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Carole
09-29-2005, 01:21 AM
How do you know? I am reading and re-reading, red pen in hand. I am fairly happy with what I see, but...isn't there always a but?

Two things are throwing me. One is that I have found a bit of regurgitation here and there from one chapter to the next. Another is that I am definitely not as passionate about this subject as I was two months ago. I'm trying, but so far it isn't there.

If I let this sit and stew, sure I might come back to eventually, but it won't always be as timely as it is now. In fact, the topic may be covered by someone else and I could miss that loop altogether.

What advice can any of you offer? If I condense it, I could make a nice FAT article out of it. Healthy, even. But if I force myself to go on and finish the book, there might just be a lot more rewards at the end of that rainbow.

Pat~
09-29-2005, 02:00 AM
My 2 cents....do the article first. You can build your credibility for the book that way. (Also test whether or not you want to stick with it.) A book is a major commitment of time, and you will likely fizzle unless you're absolutely certain it must be written. Plus, it's alot harder to find book publishers than article publishers; your article audience can be wider, you can resubmit it to several markets, etc.

StoryG27
09-29-2005, 02:06 AM
I don't know much about writing articles, but I would say do the article. If you continue with a book you just don't care about anymore, you run the risk of boring yourself and the reader. The article might even renew your enthusiasm and get going in a different direction for another book with a topic you care more about. Besides, your chances of publishing an article are much greater and it builds credibility. Best of luck, whatever you decide!

scfirenice
09-29-2005, 02:16 AM
I agree with the above, having the inside track on the work too I think you COULD condense it down. Maybe even make a series of articles out of it instead. I would think there is a wide market for the subject. ALSO letting it sit longer is going to hurt not help. The further you build your life away from the subject, the less steam you are going to have writing against it.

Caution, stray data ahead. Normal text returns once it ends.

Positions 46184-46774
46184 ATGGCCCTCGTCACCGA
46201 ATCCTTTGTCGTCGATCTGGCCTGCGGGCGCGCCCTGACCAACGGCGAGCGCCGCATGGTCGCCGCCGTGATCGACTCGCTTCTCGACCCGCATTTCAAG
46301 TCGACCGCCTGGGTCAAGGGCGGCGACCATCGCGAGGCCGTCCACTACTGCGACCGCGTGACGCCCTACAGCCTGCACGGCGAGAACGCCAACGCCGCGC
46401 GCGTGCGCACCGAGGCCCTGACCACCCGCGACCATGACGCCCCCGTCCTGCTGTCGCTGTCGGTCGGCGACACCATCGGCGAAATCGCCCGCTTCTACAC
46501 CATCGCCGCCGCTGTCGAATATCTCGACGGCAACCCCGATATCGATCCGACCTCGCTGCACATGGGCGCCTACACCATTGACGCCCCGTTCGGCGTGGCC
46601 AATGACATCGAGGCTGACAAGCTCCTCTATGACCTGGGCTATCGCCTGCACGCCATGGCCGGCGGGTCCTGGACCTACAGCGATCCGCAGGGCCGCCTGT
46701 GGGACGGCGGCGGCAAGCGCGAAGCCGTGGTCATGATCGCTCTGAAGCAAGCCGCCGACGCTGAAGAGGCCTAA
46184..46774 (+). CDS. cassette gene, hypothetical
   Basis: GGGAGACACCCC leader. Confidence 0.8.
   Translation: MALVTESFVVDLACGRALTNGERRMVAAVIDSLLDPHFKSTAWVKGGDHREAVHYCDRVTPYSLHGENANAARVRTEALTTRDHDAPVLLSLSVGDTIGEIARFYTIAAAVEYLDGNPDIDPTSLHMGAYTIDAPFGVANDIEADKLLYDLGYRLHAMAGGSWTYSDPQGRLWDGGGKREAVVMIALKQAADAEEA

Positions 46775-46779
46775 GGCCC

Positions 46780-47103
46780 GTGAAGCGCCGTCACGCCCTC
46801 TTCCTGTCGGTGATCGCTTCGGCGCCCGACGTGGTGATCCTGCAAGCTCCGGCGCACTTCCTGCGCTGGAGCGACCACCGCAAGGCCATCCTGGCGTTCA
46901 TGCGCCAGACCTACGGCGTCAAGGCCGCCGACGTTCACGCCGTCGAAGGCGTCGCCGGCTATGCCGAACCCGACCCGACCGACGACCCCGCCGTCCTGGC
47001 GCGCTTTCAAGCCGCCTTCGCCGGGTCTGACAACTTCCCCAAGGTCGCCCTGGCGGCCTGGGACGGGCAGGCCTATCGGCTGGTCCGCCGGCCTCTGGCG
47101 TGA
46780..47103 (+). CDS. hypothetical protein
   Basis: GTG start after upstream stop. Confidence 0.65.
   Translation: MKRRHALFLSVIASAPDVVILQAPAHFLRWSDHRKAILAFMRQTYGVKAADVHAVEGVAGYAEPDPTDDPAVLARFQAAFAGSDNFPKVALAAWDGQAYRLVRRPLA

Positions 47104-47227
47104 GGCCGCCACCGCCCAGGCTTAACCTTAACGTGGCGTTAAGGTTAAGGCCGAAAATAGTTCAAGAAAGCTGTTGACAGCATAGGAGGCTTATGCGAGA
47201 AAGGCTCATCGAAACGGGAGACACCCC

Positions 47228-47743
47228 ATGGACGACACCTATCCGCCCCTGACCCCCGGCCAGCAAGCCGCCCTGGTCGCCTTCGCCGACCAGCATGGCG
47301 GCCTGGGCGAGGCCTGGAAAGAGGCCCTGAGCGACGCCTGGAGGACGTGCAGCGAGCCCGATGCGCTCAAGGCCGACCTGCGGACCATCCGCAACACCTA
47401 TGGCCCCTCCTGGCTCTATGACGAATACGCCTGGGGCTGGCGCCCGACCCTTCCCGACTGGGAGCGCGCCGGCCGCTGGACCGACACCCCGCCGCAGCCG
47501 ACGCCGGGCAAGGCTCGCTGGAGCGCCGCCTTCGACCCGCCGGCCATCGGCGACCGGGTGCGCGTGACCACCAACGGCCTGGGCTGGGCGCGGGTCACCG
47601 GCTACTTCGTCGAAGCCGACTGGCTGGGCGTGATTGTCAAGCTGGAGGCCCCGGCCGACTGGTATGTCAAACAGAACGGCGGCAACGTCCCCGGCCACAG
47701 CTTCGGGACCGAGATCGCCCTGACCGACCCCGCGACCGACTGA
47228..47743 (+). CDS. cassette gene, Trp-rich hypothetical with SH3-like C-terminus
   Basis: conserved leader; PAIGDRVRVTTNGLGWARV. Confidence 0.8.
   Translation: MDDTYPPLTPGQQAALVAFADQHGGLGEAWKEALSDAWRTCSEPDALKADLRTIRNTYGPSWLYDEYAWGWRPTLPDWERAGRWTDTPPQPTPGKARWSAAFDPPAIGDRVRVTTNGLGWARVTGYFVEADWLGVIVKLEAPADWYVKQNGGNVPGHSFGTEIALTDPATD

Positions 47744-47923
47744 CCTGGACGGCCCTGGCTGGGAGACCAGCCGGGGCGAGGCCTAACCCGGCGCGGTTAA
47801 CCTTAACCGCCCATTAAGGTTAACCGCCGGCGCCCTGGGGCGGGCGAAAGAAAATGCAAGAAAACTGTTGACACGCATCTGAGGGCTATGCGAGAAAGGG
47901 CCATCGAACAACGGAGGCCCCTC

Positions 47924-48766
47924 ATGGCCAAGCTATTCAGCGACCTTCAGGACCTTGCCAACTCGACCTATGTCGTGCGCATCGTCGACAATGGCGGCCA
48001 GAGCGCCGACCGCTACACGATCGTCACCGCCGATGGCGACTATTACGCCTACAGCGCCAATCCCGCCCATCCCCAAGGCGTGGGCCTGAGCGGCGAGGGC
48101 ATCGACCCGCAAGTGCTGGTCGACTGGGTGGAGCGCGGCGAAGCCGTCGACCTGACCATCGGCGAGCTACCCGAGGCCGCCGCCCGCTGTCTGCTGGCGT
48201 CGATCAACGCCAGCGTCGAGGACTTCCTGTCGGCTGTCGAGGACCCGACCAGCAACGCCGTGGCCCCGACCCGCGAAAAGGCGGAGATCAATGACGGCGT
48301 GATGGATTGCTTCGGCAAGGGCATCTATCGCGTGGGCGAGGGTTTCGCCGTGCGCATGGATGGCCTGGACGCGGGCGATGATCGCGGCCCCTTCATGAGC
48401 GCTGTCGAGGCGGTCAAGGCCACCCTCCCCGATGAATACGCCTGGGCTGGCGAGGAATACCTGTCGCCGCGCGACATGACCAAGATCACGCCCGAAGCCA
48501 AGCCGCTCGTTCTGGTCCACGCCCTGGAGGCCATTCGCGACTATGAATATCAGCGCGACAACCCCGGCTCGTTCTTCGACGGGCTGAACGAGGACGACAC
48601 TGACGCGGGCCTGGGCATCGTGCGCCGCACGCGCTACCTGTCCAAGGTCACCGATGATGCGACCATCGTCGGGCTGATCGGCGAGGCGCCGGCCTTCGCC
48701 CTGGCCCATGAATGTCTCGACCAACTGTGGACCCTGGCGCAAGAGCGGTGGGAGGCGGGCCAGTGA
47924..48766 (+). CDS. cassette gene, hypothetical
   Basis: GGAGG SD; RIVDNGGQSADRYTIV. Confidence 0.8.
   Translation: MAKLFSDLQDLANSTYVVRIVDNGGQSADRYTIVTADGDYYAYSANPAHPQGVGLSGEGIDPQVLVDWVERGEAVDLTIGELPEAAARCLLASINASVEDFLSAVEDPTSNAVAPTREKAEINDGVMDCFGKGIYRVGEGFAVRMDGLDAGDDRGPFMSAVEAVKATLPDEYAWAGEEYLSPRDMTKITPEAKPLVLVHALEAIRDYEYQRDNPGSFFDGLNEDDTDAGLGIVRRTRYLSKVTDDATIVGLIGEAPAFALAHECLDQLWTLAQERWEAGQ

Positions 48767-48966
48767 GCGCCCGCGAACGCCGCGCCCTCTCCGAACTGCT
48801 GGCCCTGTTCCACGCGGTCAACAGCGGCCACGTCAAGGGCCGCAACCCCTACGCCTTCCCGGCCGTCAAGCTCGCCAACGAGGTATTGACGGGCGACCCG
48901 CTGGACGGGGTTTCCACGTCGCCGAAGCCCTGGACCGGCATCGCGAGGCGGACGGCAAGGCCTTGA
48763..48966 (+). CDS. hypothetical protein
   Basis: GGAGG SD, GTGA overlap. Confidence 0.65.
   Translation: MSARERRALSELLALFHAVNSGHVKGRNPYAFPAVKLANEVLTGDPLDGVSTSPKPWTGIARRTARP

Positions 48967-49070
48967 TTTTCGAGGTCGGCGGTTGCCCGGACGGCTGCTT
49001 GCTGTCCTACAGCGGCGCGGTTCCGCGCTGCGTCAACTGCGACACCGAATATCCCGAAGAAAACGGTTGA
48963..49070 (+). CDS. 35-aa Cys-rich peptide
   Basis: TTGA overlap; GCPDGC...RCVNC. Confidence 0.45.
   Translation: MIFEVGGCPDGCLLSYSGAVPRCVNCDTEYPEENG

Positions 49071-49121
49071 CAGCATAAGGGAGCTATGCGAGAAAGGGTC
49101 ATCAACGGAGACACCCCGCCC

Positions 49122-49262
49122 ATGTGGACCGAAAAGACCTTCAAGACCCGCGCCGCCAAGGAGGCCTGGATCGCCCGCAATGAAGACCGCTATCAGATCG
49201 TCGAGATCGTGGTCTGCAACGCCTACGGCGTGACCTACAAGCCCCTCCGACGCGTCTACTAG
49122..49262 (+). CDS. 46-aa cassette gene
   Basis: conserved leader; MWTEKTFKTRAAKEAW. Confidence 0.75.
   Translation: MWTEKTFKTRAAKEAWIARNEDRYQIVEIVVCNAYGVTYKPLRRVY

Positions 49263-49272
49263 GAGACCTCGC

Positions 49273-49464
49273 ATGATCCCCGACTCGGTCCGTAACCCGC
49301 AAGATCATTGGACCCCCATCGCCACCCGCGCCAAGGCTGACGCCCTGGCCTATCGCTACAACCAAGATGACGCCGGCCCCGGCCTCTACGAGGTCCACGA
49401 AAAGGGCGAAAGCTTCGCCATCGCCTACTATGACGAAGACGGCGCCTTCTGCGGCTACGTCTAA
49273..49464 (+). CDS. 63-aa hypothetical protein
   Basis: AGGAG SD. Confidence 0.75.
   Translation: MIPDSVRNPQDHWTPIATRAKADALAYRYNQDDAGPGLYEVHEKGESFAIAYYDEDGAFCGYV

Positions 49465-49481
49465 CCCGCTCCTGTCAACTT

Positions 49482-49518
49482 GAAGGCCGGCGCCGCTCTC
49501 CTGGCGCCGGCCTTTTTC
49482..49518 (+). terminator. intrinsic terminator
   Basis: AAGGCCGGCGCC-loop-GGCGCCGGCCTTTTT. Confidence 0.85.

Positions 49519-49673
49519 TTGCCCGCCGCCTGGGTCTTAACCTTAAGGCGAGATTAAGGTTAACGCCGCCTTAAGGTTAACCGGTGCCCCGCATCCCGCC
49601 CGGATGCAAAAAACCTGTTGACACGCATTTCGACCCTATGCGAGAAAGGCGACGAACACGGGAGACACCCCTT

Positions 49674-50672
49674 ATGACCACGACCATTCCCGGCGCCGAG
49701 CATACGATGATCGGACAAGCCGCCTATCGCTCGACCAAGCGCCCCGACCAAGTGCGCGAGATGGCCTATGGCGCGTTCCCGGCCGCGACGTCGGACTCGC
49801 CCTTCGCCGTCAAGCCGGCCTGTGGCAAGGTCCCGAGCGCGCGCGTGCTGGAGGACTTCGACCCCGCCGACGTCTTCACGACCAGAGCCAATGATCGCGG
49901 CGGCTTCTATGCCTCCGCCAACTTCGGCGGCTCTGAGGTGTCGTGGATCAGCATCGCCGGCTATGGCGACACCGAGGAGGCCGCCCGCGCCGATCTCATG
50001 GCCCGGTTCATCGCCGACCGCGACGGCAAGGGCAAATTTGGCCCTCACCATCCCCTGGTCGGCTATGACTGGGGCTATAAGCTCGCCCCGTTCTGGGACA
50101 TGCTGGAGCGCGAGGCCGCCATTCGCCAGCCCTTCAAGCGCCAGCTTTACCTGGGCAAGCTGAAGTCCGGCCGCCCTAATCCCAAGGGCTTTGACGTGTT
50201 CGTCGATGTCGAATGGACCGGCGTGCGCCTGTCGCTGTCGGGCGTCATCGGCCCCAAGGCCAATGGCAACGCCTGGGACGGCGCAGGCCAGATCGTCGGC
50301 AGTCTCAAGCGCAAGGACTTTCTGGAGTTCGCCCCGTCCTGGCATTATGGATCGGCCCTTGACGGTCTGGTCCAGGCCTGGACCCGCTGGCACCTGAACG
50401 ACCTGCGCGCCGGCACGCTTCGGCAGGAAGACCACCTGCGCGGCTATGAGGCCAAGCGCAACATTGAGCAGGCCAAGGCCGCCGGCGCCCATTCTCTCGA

Carole
09-29-2005, 03:21 AM
I agree with the above, having the inside track on the work too I think you COULD condense it down. Maybe even make a series of articles out of it instead. I would think there is a wide market for the subject. ALSO letting it sit longer is going to hurt not help. The further you build your life away from the subject, the less steam you are going to have writing against it.

Ok...that actually helps a lot. All of the comments help a lot and really reinforce what I was obviously thinking already, but SC...since you have read for me, you get what I am going after.

This is good. This is workable. I honestly hadn't thought about writing articles and then following them with a book. And yes, SC, you are aware of the timeframe issue with this, so I totally agree with you. It has had to sit on the back burner with my move and everything for long enough.

Wow. So now I have more questions. Is there a standard amount of time that you have to wait before resubmitting to other publications? I can't use the article I sold to Llewellyn for 3 years. Is that pretty much the norm?

Is it different finding a home for a series rather than a single article?

Sheesh. I am such a noob.

scfirenice
09-29-2005, 05:22 AM
Good Questions. DOn't have any answers. Maybe JDK or Rg can help us out. They're article writers...isn't that the techincal term?

Carole
09-29-2005, 05:26 AM
beats me

Zoe King
09-29-2005, 07:36 AM
I don't think there is a standard amount of time, it varies with the magazine, but the way to get around the problem is to rewrite the piece, approaching it from a slightly different angle, then give it a different title.

I suspect it's harder to place a series, but if the subject matter is strong enough, an editor somewhere will bite.

PattiTheWicked
09-29-2005, 04:38 PM
I'm in the opposite boat. I sat down to write a series of articles and realized I had a potential book on my hands. I hadn't planned to spend this much time on it, but I realize now it's got some serious potential.

aka eraser
09-29-2005, 05:09 PM
If all you've sold is first rights, unless your contract specifies otherwise, you can resell the piece anytime after the first hits print. Many contracts specify that reprints credit the first publication ie: This article first appeared in the June 2005 issue of Writers Rule.